Gathering Together The Shawnee People Through Diaspora and Nationhood, 1600 - 1870 Sami Lakomaki

Series:
The Lamar Series in Western History
Format:
Hardback
Publication date:
02 Sep 2014
ISBN:
9780300180619
Dimensions:
416 pages: 234 x 156 x 30mm
Illustrations:
12 b&w illustrations

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Weaving Indian and Euro-American histories together in this groundbreaking book, Sami Lakomaki places the Shawnee people, and Native peoples in general, firmly at the center of American history. The book covers nearly three centuries, from the years leading up to the Shawnees' first European contacts to the post--Civil War era, and demonstrates vividly how the interactions between Natives and newcomers transformed the political realities and ideas of both groups. Examining Shawnee society and politics in new depth, and introducing not only charismatic warriors like Blue Jacket and Tecumseh but also other leaders and thinkers, Lakomaki explores the Shawnee people's debates and strategies for coping with colonial invasion. The author refutes the deep-seated notion that only European colonists created new nations in America, showing that the Shawnees, too, were engaged in nation building. With a sharpened focus on the creativity and power of Native political thought, Lakomaki provides an array of insights into Indian as well as American history.

Sami Lakomaki is a university lecturer at the University of Oulu. He lives in Oulu, Finland.

Erudite and compassionate, Gathering Together not only presents an absorbing new history of the Shawnee people; it invites us to rethink central themes—mobility, belonging, and nationhood—in American history.”—Pekka Hämäläinen, author of The Comanche Empire

“This sensitive, sophisticated account follows the Shawnee from early contact in the eastern woodlands through the late nineteenth century on the Great Plains. ‘Indian history’ specialists need to read it; anybody with a serious interest in how North America changed over that long period and across that huge space will gain from it.”—Edward Countryman, co-editor of Contested Spaces of Early America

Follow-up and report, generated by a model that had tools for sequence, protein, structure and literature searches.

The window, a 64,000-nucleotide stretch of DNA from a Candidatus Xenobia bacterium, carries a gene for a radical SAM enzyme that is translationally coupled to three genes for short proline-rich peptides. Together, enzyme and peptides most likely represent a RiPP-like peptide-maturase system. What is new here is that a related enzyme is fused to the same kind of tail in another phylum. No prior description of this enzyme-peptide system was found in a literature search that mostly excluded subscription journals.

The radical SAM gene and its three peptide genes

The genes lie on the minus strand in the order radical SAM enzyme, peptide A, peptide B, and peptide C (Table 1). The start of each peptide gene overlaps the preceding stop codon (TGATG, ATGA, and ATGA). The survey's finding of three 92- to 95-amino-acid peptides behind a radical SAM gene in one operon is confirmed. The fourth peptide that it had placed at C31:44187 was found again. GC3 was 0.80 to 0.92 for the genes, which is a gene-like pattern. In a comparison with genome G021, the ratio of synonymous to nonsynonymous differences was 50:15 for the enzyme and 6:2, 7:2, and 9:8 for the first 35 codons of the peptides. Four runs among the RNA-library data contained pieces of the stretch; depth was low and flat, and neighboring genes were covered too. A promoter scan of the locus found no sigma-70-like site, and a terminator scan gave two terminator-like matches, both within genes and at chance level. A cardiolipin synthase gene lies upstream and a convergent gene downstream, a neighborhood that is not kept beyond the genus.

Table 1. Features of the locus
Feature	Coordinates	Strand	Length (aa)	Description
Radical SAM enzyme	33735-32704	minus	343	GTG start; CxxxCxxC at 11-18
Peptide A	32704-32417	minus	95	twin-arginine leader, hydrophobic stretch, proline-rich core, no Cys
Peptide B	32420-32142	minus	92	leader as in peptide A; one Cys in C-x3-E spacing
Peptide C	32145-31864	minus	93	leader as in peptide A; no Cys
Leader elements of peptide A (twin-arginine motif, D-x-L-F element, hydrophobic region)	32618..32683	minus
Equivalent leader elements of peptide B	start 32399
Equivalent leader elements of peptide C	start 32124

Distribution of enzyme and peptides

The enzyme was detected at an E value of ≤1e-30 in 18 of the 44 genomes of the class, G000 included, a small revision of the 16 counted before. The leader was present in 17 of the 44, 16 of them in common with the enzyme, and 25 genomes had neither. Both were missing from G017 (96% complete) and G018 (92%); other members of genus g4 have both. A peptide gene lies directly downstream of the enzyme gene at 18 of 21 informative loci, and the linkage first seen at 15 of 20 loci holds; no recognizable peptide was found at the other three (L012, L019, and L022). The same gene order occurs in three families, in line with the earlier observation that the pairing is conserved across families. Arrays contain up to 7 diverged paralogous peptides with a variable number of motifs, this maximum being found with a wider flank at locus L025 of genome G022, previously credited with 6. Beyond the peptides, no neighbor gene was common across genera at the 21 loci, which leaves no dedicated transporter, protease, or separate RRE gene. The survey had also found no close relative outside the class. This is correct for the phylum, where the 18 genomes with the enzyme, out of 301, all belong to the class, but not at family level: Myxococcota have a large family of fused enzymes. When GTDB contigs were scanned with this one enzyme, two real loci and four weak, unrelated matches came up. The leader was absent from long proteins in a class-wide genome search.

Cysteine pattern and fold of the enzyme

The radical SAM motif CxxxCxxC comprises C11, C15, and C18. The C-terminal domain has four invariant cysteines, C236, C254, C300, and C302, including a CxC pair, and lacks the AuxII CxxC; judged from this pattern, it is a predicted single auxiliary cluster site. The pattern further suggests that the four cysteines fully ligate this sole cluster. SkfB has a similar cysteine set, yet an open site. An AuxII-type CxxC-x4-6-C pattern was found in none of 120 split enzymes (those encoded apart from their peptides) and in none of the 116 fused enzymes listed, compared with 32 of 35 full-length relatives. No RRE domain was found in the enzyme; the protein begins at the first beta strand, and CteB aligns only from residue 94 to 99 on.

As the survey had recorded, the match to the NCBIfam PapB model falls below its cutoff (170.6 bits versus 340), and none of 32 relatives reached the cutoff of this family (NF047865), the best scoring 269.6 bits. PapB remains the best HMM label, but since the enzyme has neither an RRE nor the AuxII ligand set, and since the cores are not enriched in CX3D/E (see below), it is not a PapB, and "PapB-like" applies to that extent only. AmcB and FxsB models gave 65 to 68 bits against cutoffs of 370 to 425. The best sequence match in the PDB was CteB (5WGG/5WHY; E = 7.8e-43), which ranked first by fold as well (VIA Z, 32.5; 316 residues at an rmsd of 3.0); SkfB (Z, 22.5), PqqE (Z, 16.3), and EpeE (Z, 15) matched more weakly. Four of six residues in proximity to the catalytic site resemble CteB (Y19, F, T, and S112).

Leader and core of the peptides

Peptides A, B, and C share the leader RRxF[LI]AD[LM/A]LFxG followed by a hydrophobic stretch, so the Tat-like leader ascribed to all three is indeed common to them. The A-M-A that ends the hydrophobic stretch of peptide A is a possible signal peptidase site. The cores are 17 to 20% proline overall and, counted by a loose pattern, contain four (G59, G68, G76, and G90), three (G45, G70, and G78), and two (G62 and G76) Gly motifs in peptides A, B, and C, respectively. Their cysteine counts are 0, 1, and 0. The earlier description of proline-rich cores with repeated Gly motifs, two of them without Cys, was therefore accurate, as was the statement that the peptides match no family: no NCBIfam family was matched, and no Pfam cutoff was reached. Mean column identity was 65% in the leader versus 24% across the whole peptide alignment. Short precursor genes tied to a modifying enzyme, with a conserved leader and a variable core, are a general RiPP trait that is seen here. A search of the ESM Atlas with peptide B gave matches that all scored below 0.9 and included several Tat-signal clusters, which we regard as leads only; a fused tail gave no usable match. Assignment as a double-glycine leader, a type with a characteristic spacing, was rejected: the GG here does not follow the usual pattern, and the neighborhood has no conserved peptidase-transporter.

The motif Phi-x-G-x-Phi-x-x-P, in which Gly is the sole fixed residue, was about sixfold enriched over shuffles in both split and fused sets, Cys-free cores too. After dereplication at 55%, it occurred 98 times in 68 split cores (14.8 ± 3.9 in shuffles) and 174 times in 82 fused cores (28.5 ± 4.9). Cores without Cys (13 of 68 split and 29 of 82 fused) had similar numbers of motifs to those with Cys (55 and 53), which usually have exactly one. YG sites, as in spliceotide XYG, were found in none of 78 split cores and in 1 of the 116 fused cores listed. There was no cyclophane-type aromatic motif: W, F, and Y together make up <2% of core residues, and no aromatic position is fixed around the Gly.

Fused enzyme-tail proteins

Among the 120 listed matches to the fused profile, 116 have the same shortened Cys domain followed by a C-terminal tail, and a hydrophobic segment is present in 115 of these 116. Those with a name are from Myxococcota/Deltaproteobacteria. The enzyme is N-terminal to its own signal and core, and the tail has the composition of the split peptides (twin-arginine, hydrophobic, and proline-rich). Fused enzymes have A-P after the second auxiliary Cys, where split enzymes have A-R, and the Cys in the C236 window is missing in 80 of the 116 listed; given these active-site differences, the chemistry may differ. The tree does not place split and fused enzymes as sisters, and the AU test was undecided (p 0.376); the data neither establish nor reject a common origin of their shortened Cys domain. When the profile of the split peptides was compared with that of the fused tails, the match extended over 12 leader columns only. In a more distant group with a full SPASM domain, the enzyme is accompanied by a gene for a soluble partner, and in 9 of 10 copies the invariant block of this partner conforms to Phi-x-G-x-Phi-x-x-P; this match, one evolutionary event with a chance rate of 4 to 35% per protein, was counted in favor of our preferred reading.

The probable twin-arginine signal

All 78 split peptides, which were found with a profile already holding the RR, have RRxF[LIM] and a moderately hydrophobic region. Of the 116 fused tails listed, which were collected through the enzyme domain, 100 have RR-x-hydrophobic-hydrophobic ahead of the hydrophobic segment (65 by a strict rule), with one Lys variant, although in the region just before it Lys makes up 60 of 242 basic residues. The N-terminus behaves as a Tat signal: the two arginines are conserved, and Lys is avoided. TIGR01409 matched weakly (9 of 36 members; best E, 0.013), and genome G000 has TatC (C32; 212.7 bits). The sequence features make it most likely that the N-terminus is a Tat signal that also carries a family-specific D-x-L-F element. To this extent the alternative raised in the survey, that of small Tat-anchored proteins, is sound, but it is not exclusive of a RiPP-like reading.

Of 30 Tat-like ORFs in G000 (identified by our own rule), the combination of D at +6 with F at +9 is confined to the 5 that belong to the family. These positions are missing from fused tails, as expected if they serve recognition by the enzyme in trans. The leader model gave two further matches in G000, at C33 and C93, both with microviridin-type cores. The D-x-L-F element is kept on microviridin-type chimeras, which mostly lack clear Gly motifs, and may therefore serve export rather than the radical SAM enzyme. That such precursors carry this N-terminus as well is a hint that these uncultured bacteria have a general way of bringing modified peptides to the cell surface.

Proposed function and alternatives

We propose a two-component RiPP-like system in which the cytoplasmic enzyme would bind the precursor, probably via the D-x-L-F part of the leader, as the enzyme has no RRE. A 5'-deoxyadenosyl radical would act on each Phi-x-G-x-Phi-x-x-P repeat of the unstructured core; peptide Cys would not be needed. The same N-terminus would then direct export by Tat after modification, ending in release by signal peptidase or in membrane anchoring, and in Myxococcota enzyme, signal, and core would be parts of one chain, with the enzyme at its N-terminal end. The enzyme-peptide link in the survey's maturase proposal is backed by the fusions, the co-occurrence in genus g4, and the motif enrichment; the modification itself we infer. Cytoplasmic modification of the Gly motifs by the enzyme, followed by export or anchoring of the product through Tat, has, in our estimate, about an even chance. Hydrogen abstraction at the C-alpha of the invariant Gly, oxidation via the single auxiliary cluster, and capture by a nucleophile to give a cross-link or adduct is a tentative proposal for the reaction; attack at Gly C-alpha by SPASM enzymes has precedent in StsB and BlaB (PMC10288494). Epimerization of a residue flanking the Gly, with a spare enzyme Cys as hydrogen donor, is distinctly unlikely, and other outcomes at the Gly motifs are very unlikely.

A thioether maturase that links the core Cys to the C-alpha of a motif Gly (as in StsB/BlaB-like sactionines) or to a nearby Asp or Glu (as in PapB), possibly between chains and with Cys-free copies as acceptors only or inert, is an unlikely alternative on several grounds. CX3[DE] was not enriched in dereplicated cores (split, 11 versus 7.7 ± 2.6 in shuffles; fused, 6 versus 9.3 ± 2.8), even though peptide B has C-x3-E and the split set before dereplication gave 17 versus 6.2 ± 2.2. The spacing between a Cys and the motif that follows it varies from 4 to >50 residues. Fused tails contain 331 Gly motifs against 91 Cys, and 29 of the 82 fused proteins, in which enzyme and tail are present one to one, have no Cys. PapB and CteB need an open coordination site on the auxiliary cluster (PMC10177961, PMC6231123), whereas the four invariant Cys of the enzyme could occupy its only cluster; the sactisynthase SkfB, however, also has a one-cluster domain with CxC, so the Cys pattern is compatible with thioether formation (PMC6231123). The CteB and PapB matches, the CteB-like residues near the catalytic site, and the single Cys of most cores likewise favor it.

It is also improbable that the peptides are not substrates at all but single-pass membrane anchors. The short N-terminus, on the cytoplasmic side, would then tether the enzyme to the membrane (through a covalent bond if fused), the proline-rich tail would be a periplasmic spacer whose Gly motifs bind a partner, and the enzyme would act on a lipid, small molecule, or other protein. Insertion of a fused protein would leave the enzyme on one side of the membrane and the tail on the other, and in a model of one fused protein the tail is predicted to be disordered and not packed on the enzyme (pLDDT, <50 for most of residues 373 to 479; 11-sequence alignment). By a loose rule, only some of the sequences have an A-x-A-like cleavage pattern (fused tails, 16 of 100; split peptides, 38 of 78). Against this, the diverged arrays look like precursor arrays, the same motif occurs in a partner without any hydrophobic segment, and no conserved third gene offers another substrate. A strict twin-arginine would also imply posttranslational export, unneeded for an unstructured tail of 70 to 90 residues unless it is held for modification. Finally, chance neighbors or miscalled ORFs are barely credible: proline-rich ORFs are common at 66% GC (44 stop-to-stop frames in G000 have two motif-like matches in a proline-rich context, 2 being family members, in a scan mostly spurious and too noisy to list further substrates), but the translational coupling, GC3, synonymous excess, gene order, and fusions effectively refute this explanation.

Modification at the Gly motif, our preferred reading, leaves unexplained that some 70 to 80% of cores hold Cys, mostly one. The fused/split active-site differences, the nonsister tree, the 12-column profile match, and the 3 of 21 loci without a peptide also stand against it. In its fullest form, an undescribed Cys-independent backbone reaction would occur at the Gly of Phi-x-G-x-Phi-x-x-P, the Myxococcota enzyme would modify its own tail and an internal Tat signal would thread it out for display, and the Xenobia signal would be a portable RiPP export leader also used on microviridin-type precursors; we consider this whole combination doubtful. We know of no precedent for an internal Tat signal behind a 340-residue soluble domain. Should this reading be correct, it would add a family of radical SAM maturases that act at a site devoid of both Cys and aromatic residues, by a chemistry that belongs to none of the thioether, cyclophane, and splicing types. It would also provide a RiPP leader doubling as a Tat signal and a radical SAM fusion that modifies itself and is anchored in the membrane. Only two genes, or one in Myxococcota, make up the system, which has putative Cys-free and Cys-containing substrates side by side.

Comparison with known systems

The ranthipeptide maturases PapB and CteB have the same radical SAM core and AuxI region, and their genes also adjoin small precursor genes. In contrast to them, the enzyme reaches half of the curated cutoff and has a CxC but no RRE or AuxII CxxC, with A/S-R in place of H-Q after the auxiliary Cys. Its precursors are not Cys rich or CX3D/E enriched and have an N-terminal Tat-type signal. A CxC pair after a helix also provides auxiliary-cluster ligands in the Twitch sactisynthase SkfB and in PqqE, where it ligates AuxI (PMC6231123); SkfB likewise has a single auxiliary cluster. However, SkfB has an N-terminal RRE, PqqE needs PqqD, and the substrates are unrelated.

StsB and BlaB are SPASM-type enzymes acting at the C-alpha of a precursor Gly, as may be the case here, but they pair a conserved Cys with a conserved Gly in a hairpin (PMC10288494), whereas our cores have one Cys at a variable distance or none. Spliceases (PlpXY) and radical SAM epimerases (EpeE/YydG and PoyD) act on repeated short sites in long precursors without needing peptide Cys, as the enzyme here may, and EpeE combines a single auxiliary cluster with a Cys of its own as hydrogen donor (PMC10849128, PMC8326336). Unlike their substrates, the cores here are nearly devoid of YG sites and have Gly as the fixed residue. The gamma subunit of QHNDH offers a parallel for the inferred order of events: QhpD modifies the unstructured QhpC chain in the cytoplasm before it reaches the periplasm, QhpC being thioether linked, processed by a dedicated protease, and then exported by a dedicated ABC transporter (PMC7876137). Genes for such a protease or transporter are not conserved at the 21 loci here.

“Probing centuries of internal debates that shaped Shawnee migrations and politics, this intensely researched and immensely rewarding study of nation-building demolishes the simplistic dichotomies that have characterized descriptions of Indian factionalism.”—Stephen Aron, author of The American West: A Very Short Introduction

ÒWriting outstanding ethnohistory is a rare achievement. And such a rarity is found in Sami LakomakiÕs tracing of Shawnee nation-building for over 300 years. Gathering Together truly represents ethnohistory at its very best.ÓÑJohn R. Wunder, University of Nebraska-Lincoln

“Superbly researched, cogently argued, well written—a masterful study of the Shawnee sense of nationhood through diaspora and coalescence that offers new insights into the evolution of Native American political structures. Top-flight scholarship.”—R. David Edmunds, University of Texas at Dallas

ÒLakomŠkiÕs book is distinctive in its consistently Shawnee-centered focus, its linking of diaspora and nationhood, and its attention to what was going on within Shawnee society. An excellent piece of work, it should become essential reading for historians of Native America.ÓÑColin Calloway, Dartmouth College

ÒThere are very, very few scholars in early Indian history who are able to work simultaneously at the local and the national level.Ê LakomŠki is one of them; he is truly able to make intra-Shawnee politics come alive here, and that is no small accomplishment.ÓÑJoshua Piker, University of Oklahoma

Won an Honorable Mention for the 2014 American Publishers Awards for Professional and Scholarly Excellence (PROSE) in the U.S. History category.

“A compelling reinterpretation of the Shawnees that offers much clarity to their “wanderings” and (re-)gatherings.  Lakomäki convincingly argues that the dispersion of Shawnees into numerous small groupings was a deliberate survival strategy in the wake of indigenous and Euroamerican intrusions and disruptions.  Highly recommended.”—CHOICE